WIB: Nov 17-23 (NaBlo: Day 28)
I always loved the Taffy Sinclair/Fabulous Five books by Betsy Haynes when I was growing up. It was a pain trying to get my hands on all the Taffy Sinclair books back in the old days. Finding the one where she’s on a soap opera was a big deal! But the series humanized bullies on both sides–the snobby Taffy and the gossipy Jana. So I decided to pick up another of Haynes’s books, The Great Mom Swap, where neighboring bffs with mom issues go live with each other’s families. Not the mom switching, as the title would have your believe. That’s a whole other…TV show?
Oh, the days before 9/11! When you could just jump on a plane and go to Hawaii, and your parents don’t care that you’re going with someone else’s par–wait. That makes no sense. I cannot imagine a scenario where this would be a thing. “Three days in Hawaii with someone else’s parents! Sure thing, middle-school-age-pumpkin!” My mom wouldn’t even take me to Hawaii when I was in high school. (Yes, still bitter.) One kid’s mother make a lot of health food. One kid’s mother feels her daughter is too unmotivated. Don’t ask me which is which, because I’ve mostly forgotten. One of the things I liked about this book is that the chubbier one whose mom bugs her about food is the prettier one that gets more attention from boys. That’s a nice change from any book I’ve ever read ever. The non-chubby one is obsessed with how tall she is, and decides to eat junk food and drink coffee to stop growing so much.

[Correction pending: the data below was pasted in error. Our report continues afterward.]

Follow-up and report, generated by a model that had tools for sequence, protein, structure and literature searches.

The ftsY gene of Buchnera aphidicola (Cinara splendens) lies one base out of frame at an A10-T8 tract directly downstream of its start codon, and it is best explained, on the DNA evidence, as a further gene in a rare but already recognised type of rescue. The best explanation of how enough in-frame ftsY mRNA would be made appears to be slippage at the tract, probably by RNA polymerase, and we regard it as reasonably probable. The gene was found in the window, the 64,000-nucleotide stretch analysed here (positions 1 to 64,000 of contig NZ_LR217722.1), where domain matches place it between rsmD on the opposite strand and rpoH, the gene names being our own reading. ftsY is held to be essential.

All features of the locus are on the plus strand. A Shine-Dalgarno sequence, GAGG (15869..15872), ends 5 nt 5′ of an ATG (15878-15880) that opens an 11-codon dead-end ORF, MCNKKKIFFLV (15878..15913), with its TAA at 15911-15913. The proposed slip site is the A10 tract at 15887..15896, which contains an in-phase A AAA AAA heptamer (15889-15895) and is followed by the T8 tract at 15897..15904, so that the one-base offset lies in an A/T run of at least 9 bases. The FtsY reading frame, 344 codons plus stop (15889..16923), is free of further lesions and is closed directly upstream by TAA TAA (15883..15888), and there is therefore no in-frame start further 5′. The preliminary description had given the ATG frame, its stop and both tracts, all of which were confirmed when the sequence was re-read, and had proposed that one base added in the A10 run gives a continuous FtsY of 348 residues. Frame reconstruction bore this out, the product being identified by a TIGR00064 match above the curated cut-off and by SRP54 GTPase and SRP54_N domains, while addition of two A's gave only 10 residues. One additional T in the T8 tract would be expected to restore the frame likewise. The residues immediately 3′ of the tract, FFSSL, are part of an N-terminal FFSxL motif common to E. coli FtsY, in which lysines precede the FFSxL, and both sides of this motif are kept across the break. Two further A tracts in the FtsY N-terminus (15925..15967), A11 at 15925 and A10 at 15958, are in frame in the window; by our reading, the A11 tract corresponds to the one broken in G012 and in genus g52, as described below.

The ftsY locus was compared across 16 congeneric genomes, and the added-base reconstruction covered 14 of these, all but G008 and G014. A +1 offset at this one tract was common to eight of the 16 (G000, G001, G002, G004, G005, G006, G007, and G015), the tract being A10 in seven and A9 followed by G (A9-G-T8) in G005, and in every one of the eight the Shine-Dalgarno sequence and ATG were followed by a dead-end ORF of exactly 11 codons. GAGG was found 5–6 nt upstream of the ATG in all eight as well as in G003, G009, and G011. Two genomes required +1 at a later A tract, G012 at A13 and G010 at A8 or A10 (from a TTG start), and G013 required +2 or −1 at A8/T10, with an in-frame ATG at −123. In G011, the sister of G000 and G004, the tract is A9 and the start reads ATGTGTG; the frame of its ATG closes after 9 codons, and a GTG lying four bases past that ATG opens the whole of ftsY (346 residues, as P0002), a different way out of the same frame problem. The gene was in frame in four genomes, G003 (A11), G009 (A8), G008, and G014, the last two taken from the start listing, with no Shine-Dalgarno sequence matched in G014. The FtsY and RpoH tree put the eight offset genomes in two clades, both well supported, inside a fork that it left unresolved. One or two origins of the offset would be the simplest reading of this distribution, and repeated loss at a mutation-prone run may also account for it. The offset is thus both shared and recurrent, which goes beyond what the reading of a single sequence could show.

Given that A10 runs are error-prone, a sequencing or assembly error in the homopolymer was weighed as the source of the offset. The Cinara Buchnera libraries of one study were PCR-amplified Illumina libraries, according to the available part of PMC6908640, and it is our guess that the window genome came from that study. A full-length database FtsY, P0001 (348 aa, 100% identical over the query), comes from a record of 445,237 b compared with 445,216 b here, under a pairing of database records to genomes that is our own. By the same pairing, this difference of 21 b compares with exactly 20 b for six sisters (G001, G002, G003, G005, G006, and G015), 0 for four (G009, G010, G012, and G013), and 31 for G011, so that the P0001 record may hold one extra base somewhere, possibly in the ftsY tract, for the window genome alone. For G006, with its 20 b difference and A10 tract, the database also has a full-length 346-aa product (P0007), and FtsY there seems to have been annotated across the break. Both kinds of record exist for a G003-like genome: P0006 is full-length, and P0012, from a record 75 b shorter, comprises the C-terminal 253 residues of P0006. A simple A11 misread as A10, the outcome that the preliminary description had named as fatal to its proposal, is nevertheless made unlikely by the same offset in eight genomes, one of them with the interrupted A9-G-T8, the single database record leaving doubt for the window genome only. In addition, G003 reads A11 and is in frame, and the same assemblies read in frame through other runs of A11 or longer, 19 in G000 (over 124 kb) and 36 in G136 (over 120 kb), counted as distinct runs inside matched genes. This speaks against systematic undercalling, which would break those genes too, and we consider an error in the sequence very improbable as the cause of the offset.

The chubby one is a Writer and thinks she can sell her I-hate-mom fan fic.
At the end, NOTHING FREAKIN CHANGES except they all kinda miss each other, especially the non-mom parts.
Also, they reference Flowers in the Attic and never once mention the incest. I can’t tell if this is a reflection of how normalized adult reading was for kids before the Young Adult genre blew up like crazy, or just the author’s lack of knowledge about the book? Or a weird way of foreshadowing her crush on her “new brother,” her bff’s brother? I don’t even know, man.
Losing Joe’s Place shows me that Gordon Korman, in his younger days, used a LOT of the same themes. A lot. But it’s still its own book. Three teens take over one’s brother’s apartment for the summer and have to deal with the craziness of the city (some Canadian city, sorry Jillz), their weird landlord (who could be named Stock Crazy Guy #1, until about the middle of the book) and girls and whatnot. It’s super-fun, really, and includes a guy whose name translates to Rootbeer Rootbeer, one of the most zany of Korman’s zany crew.